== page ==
Pacifiers May Prevent SIDS

This morning, the American Academy of Pediatrics is releasing new recommendations for preventing Sudden Infant Death Syndrome, which kills about 2,500 babies a year.

The AAP recommends babies sleep on their backs not their sides at all times; bed-sharing is not recommended; and research indicates an association between pacifier use and a reduced risk of SIDS, which is why the APP is recommending the use of pacifiers at naptime and bedtime through the first year.

ABC medical contributor Dr. Tim Johnson said the recommendation about pacifier use is the most surprising.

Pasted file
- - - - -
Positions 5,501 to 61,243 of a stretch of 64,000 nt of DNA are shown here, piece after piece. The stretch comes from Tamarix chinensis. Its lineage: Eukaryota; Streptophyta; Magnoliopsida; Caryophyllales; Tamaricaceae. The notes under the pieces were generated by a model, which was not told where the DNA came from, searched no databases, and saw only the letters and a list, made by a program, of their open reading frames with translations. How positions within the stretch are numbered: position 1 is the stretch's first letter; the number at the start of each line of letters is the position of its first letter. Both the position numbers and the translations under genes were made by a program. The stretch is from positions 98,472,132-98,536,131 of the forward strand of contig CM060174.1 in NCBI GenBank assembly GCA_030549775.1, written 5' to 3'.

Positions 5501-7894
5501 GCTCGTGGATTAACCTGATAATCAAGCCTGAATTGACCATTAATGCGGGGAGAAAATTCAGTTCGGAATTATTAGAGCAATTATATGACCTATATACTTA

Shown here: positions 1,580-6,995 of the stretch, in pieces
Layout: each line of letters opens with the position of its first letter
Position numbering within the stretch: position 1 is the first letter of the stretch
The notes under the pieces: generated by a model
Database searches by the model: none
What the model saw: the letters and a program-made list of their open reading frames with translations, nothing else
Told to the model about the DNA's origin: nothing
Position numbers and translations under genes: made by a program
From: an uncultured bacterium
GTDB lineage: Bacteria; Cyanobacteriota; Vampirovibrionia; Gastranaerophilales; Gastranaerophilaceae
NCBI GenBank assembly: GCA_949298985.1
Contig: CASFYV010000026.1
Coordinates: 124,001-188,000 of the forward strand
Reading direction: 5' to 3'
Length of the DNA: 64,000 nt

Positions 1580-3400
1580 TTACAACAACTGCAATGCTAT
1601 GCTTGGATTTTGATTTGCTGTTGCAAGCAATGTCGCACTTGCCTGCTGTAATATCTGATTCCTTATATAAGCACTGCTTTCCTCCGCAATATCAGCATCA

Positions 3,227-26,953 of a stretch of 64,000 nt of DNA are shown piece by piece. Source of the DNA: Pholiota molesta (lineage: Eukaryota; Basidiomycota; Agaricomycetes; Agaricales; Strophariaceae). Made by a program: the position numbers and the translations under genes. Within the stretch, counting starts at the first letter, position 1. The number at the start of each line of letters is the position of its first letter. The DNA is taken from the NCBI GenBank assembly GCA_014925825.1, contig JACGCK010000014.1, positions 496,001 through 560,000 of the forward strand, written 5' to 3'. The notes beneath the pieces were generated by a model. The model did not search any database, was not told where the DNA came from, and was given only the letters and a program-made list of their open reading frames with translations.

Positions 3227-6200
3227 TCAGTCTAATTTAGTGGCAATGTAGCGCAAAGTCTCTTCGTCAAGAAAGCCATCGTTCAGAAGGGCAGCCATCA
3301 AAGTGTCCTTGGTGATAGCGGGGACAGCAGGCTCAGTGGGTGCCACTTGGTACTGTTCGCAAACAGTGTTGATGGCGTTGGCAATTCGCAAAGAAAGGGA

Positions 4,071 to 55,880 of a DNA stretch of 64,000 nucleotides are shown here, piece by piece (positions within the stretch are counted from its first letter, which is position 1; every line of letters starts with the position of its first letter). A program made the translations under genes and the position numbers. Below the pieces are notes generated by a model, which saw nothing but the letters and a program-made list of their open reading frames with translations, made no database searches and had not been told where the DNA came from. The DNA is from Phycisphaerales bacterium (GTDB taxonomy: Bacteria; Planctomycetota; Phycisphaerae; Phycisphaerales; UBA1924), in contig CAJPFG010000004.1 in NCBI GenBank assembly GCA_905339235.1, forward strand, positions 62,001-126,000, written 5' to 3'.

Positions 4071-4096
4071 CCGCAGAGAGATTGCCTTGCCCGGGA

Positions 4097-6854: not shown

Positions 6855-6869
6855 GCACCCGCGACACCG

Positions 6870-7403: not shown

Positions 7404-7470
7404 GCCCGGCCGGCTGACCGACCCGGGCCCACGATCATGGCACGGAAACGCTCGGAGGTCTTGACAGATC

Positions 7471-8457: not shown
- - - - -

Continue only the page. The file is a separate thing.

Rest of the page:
"Pacifiers have gotten a bad name for concerns that it might interfere with breastfeeding and proper tooth development," Johnson said. "But the evidence does show pacifiers reduce the risk of SIDS for reason that aren't totally clear."

Johnson said the recommendations about back sleeping fine-tune AAP's original guidelines from its 1994 "Back to Sleep" campaign, which advised caregivers to put infants to sleep on their backs or sides. It is estimated back or side sleeping has increased from 13 percent to 70 percent during the past decade.

The campaign has been credited with a 50 percent reduction in the number of deaths from SIDS from about 5,000 infants each year to fewer than 2,500.

The new AAP guidelines say there is no evidence commercial devices that claim to prevent SIDS are actually effective.

"The most important thing is not to smoke during pregnancy or after it," Johnson said. "Also, keep soft objects out of the crib, avoid overheating the room. Keep your baby lightly clothed in a room at a comfortable temperature."

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